I made the tortillas fresh from my new [tag]Rick Bayless[/tag] cookbook, Mexico One Plate At A Time. I used the dry [tag]Maseca Corn Masa Mix[/tag] and his recipe. Finally, I was able to make tortillas that were presentable! His directions are absolutely perfect. He is a GOD (*winks*) He also seems like a nice guy, would like to meet him one day.

If you look at the photos, you will see this mysterious symbol at the center of my tortillas. Ah, yes, the [tag]tortilla[/tag] [tag]Illuminati[/tag].. no, wait, actually, read to the bottom and you will see.

Onward to the recipes

[tag]Oxtail Soup[/tag], adapted from The Joy of Cooking

(about 7 C output)


  • Package of cut up oxtails (mine was something like 5 lbs, rinse them really well before use)
  • olive oil
  • [tag]sea salt[/tag]
  • 2 carrots
  • 1 shallot
  • 1/2 large onion
  • 8 C cold water
  • 2 bay leaves
  • 1 C squash, diced
  • 10 quartered button mushrooms


Day 1

Grab a heavy bottom dutch oven/stock pot and add some olive oil, heat to medium high. Rinse oxtails and pat dry. Sprinkle with a slight amount of salt and ground pepper. Sear in the pot until a nice dark brown all over (will get your house smokey, become one with the smoke) .

Add 8 C cold water and bay leaves, bring to a simmer on low and covered. Simmer at least 4 hours. Cool pot and then put it in the fridge (we put ours in our mud room, our extra fridge in the winter) overnight.

Day 2

Remove solidified fat from surface of soup and then heat slowly back up to a simmer (covered). Add 1 C diced squash and 10 quartered button mushrooms.

Simmer for 3 hours and longer, as long as you can hold yourself at bay.

Joy says to remove the meat and fat from the bones and put only the meat back in. I left it all on the bone because people around here like to gnaw meat from bones, go figure.

Las Tortillas

As I mentioned before, I have started delving into my new cookbook by Rick Bayless, Mexico One Plate At A Time, and the first thing I wanted to try was his method for making [tag]corn tortilla[/tag]s. I am going to paraphrase it here, there are many more details is in the book itself.

A while back, [tag]Homesick Texan[/tag] did a beautiful post on making corn tortillas. She used a nifty tortilla press, which I do not have. To make both my corn and flour tortillas, I use a cast iron pan. In particular, I use this square Emerilware cast iron grill pan because it is darn heavy. (I got it for free when I bought a set of Emerilware stainless steel pots and pans at Linens and Things, its awesome stuff – All Clad)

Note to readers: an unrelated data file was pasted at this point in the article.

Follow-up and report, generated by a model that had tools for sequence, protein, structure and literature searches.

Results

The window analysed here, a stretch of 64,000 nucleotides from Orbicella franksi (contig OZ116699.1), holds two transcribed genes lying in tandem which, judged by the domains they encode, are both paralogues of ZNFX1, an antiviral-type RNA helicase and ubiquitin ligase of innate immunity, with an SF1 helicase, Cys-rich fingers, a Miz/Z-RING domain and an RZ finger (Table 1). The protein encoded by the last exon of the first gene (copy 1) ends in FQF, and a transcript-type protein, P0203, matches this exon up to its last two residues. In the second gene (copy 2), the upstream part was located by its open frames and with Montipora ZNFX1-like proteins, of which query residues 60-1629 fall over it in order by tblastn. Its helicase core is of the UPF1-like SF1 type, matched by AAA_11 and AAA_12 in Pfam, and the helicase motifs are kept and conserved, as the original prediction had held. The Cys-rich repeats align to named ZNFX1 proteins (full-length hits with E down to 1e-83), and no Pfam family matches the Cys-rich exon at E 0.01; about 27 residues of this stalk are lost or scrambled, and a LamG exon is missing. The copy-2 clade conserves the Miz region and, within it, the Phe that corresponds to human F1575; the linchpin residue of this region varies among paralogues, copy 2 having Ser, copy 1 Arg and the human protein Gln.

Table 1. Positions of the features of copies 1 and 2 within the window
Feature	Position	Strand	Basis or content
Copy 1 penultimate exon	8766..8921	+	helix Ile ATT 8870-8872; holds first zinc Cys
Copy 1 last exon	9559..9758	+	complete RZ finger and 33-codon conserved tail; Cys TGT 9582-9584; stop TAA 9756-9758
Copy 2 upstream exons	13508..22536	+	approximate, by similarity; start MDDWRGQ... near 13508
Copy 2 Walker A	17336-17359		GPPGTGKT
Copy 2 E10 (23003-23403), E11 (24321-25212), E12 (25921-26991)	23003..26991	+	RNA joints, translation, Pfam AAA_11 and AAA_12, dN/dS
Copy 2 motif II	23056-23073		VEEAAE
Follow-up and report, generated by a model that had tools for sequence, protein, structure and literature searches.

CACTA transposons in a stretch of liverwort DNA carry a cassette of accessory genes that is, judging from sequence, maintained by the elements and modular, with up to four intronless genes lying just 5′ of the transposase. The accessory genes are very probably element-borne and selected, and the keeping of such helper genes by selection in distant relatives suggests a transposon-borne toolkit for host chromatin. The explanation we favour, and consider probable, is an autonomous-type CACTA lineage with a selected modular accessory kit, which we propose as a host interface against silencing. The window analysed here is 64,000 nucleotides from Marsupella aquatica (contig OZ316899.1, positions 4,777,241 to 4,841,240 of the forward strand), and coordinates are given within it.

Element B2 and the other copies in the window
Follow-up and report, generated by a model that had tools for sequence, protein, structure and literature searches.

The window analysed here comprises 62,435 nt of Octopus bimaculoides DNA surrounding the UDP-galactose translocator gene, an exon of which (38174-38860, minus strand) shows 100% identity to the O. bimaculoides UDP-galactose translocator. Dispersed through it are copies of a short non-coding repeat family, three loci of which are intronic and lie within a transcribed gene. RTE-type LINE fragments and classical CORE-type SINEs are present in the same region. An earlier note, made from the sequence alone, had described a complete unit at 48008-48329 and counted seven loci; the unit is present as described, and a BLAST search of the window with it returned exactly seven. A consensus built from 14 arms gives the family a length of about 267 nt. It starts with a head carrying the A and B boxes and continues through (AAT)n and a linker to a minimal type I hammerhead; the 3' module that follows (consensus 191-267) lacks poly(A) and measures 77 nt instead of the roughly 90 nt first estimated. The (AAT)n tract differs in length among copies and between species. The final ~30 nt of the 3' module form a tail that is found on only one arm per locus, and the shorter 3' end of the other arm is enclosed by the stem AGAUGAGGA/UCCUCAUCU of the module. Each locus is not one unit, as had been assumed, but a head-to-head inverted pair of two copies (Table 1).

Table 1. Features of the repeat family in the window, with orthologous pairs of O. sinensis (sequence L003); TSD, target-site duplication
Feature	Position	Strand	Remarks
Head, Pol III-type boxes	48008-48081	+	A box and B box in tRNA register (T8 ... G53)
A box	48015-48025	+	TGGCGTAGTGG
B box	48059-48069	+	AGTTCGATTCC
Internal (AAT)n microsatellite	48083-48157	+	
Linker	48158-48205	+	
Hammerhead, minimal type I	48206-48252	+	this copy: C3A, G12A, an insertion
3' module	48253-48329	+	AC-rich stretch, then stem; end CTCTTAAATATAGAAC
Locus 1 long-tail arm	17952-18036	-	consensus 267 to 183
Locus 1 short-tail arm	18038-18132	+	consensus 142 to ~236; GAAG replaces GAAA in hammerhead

It works like a charm BUT there is one issue. Almost every tortilla I make is embossed with the “[tag]Emeril[/tag]” logo that is on the bottom of the pan. So my tortillas say “liremE” (tho not terribly legibly). Thats the funky circle you see on the tortilla in today’s photos. Without further trivial ado, here are the details.

Bayless Tortillas


  • 1 3/4 C Maseca Corn Masa Mix
  • 1C & 2 tablespoons hot water (actually as much as is needed, see directions)


Have two cast iron pans (well seasoned), both dry, one on medium low heat (for 1st stage) and the other on medium high heat (for 2nd stage).

Mix 1C hot water with the Maseca with your hands. Incorporate more water until it is like a soft cookie dough but not sticky. Since I live the the cold frozen dry-as-a-bone-North East, I had to add a lot of water because the Maseca was quite dessicated.

Make dough balls the size of large walnuts (or to the size you think works best for you). Cut open a heavy duty 1 gallon freezer zip-lock back, down the sides but not along the bottom (so it opens up into a long rectangle). You can use a tortilla press or my method (the counter and a heavy pan pushed down onto the ball from above). Squish the ball flat, open the press or pull away the pan, and rotate the bag 180 degrees and squish again. This evens it out.

Peel off one side of the plastic bag, lay the tortilla onto your hand and then peel off the other side of the bag. Gently put this raw tortilla in the cooler pan and allow to cook 15 or so seconds. It wont take on any brown color but you can tell, when you flip it in a second, that it has cooked a bit. Take a fork and gently pick up this partially cooked tortilla and flip over and into the hotter pan. Let it cook 30 to 45 seconds and then flip again and cook some 15 seconds. Bayless said that if you did a good job with the masa dough, the tortilla should puff a bit at this stage, mine did! It should NOT end up looking like a pita bread tho.

Remove to something like another 1 gallon zip lock bag that holds in heat and moisture so that the tortillas soften up a bit (might need to put the bag between foil or some cloths).

Enjoy with a bit of salt, butter, and your oxtail meat!

Books of Interest:

Products of Interest:

Cabernet Sauvignon – Guinness Brown Beef Sauce

January 1, 2006 in beef, cooking, drink, Food Porn, How-2, recipe

Beef Wine Guinness stock reduction

We (my husband, my mom, and I) adapted a Demi-glace-based brown sauce recipe from the Culinary Institute of America’s textbook The Professional Chef 7th Ed., p. 287. Sure this recipe breaks some rules, but we are not enrolled at the CIA and don’t have to follow the rules! For example, the wine should be reduced separately and many more pots would be used in the traditional method. We used one baking sheet, two stock pots, and one 12 inch cast iron skillet.

We melded elements from the Bordelaise and Chateaubriand sauce protocols as well as inspirations of our own, including the Guinness. This recipe will allow for wide variation in its ingredients and their proportions and still turn out great. The technique and loving patience are what matter most.